Tuesday, 15 October 2013

Four-Field Anthropology


Image: A hand-drawn table of "the various sections and sub-sections of Anthropological science according to my view of the matter” by General Augustus Pitt-Rivers: Copyright Bodleian Library, University of Oxford (Acland Papers d92, fol. 90). For the full discussion and documentation see the full Current Anthropology paper on my academia.edu page

As part of the research for the Excavating Pitt-Rivers project, my team has worked through primary manuscript sources as well as documenting objects in the stores of the Pitt Rivers Museum. Archives and manuscripts are often considered as different kinds of evidence from artefacts, but this kind of distinction was alien to General Pitt-Rivers' own approach - and the project team, informed by ideas developed from historical archaeology, has tried to approach manuscript sources as just another kind of material culture: as material evidence.

With this approach in mind, I wrote this paper, about a previously unpublished drawing made by General Pitt-Rivers in 1882. The drawing shows the discipline of anthropology as consisting of four fields - Physical Anthropology, Ethnology, Culture and Archaeology - and pre-dates the 'four-field' model of anthropology associated with Franz Boas by some 24 years. This idea of anthropology as including archaeology has remained important for North American archaeology, while during the 20th century more commonly archaeology and anthropology took different directions in Europe.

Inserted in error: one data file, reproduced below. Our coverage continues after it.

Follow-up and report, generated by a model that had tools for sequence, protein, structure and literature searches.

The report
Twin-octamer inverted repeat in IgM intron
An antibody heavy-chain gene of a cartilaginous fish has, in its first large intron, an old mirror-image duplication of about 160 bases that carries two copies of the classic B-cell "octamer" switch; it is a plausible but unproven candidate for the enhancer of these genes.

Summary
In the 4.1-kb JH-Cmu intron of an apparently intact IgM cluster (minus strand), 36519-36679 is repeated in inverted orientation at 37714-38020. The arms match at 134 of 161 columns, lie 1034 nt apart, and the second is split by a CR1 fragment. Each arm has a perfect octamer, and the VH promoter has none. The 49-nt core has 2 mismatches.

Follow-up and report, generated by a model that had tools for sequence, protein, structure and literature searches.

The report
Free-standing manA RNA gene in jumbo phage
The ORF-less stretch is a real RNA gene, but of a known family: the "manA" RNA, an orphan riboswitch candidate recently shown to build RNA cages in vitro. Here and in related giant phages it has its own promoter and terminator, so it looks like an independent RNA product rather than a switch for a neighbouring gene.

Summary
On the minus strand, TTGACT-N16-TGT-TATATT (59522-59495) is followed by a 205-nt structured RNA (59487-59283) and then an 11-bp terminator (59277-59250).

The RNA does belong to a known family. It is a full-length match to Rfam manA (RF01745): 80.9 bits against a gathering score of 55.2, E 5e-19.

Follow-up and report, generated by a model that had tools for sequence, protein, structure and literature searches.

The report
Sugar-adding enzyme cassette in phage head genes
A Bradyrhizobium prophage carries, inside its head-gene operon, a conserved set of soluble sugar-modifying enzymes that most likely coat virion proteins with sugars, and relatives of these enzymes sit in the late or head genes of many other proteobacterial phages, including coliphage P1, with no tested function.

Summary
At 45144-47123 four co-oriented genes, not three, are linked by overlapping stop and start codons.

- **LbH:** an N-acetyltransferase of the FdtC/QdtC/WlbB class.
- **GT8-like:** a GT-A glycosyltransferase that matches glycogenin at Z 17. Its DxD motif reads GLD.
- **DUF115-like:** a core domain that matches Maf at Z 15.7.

The paper was published in full open access form online by the journal Current Anthropology, includes a supplement that provides a transcription of the letter written by Pitt-Rivers that accompanies the drawing, outlining his view of the organisation and teaching of the discipline.

The drawing is a unique insight into the early transatlantic exchanges in the development of anthropology as an academic subject. The Current Anthropology paper argues that museums, as places that require the physical organisation of knowledge in material form, were key locations at which classificatory approaches in anthropology came to start to classify anthropological knowledge. It also explores the kind of disciplinary histories that can be written from museums and archives.


The abstract of the paper is below:

"The four-field model of anthropology is conventionally understood to have begun with a paper read by Franz Boas in St. Louis in 1904. Publishing for the first time a drawing made by Augustus Pitt-Rivers in England in 1882, this paper rethinks this proposition by making two arguments. First, the paper explores the role of the classificatory anthropology of the 1870s and 1880s on both sides of the Atlantic in the emergence of the idea of organizing anthropological knowledge. It suggests that this emergence was bound up with the problem of classifying anthropological knowledge in material form in European and North American museums. Second, the paper considers how our knowledge of the discipline's past can develop from the study of objects and documents (rather than only through rereading anthropologists' published texts), in a manner akin to documentary archaeology. In this respect, the anthropological problem of organizing knowledge in material form is still with us, but with a new challenge: How adequate are our current forms of disciplinary historiography for the use of material evidence? Rather than proposing a new set of “charter myths,” the paper explores writing the history of four-field anthropology as a form of material culture studies or historical archaeology (in other words, as a subfield of anthropology), working with the “time warps” created by museums and archives in which disciplinary history is not always already written."
Continue reading on my academia.edu page

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